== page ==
Babies exposed to antidepressants during pregnancy may have an increased risk of developing persistent pulmonary hypertension, or high blood pressure in the lungs, says a new review study published in the journal BMJ.
Persistent pulmonary hypertension of the newborn (PPHN) is a life-threatening condition that occurs when a baby does not change from fetal to normal newborn circulation. Due to high blood pressure in the arteries to the lungs, blood is forced away from the lungs, which decreases the supply of oxygen in the body. Untreated PPHN is life-threatening.
Previous research on antidepressants during pregnancy have noted a potential link between selective serotonin reuptake inhibitor (SSRI) intake and PPHN, although the association has been unclear. SSRIs are a specific type of antidepressant.
To further investigate the link, if any, between antidepressants during pregnancy and PPHN, researchers led by Sophie Grigoriadis of the Sunnybrook Health Sciences Centre in Ontario, Canada assessed seven studies that focused on the possible association between antidepressant use during pregnancy and persistent pulmonary hypertension of the newborn.
The researchers looked at only SSRIs, excluding other types of antidepressants.
Upon looking at the results of all seven studies, the researchers concluded that exposure to antidepressants during pregnancy, specifically exposure to SSRIs during the third trimester, increased the risk of PPHN.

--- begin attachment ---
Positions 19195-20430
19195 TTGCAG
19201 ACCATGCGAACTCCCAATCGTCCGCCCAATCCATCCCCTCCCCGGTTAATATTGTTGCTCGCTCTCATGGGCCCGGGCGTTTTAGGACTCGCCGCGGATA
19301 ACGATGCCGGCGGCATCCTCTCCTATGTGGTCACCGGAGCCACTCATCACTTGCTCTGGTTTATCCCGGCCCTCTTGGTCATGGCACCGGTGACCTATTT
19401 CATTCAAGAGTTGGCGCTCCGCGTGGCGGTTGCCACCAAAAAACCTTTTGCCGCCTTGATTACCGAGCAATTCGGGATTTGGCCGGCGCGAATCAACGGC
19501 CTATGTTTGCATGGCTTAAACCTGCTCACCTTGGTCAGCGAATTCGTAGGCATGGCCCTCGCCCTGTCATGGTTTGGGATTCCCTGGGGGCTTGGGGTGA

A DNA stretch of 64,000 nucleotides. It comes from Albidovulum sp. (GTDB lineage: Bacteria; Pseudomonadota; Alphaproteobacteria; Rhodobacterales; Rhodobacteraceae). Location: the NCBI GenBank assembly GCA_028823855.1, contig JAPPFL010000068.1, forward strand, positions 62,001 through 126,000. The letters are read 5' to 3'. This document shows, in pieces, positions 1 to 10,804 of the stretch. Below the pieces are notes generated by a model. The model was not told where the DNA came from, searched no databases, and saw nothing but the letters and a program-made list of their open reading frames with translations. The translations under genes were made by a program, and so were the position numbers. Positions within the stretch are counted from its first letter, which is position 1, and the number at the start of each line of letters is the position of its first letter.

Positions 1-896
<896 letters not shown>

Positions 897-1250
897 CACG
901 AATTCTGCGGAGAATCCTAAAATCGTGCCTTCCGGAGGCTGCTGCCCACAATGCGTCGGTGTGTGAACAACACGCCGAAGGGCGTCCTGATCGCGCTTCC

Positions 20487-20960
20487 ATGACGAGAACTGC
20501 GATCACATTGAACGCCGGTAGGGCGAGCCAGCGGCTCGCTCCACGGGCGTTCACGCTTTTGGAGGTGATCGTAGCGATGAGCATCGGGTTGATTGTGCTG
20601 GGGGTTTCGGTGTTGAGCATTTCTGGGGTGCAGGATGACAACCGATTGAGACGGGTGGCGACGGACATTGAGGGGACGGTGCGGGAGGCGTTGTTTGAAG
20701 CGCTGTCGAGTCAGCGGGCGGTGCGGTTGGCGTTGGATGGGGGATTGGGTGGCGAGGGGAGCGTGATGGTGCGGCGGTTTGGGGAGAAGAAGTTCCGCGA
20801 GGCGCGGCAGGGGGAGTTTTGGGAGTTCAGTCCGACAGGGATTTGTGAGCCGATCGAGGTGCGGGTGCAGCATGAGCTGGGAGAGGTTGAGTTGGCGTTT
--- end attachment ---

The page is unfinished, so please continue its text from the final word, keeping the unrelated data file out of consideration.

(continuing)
There was no link between antidepressant use during early pregnancy and an increased risk of PPHN.
The researchers note that the risk of PPHN remains low, with only two in every 1,000 newborns developing the condition. However, women who are considering using antidepressants during pregnancy, specifically during late pregnancy, must understand the potential risks. State the researchers:
“It is imperative that the mother’s health be weighed heavily in treatment decisions; she and her family must be counseled on both the risks of exposing the fetus to antidepressant drugs and the risks of severe depressive illness.
“Pregnant women considering or using SSRIs and their families should be educated about persistent pulmonary hypertension of the newborn, how the symptoms can range in severity, what treatments are available for it at the institution where the birth will take place, and that it can typically be managed successfully if it does occur in the context of SSRI use.”
Other previous studies on antidepressants during pregnancy have linked SSRIs to an increased risk of preterm birth, miscarriage, and even long-term neurobehavioral health conditions such as autism. Additional research still needs to be conducted on other types of antidepressants during pregnancy.
Antidepressant use linked to infant pulmonary hypertension: http://www.medicalnewstoday.com/articles/271213.php
Prenatal exposure to antidepressants and persistent pulmonary hypertension of the newborn: systematic review and meta-analysis: http://www.bmj.com/content/348/bmj.f6932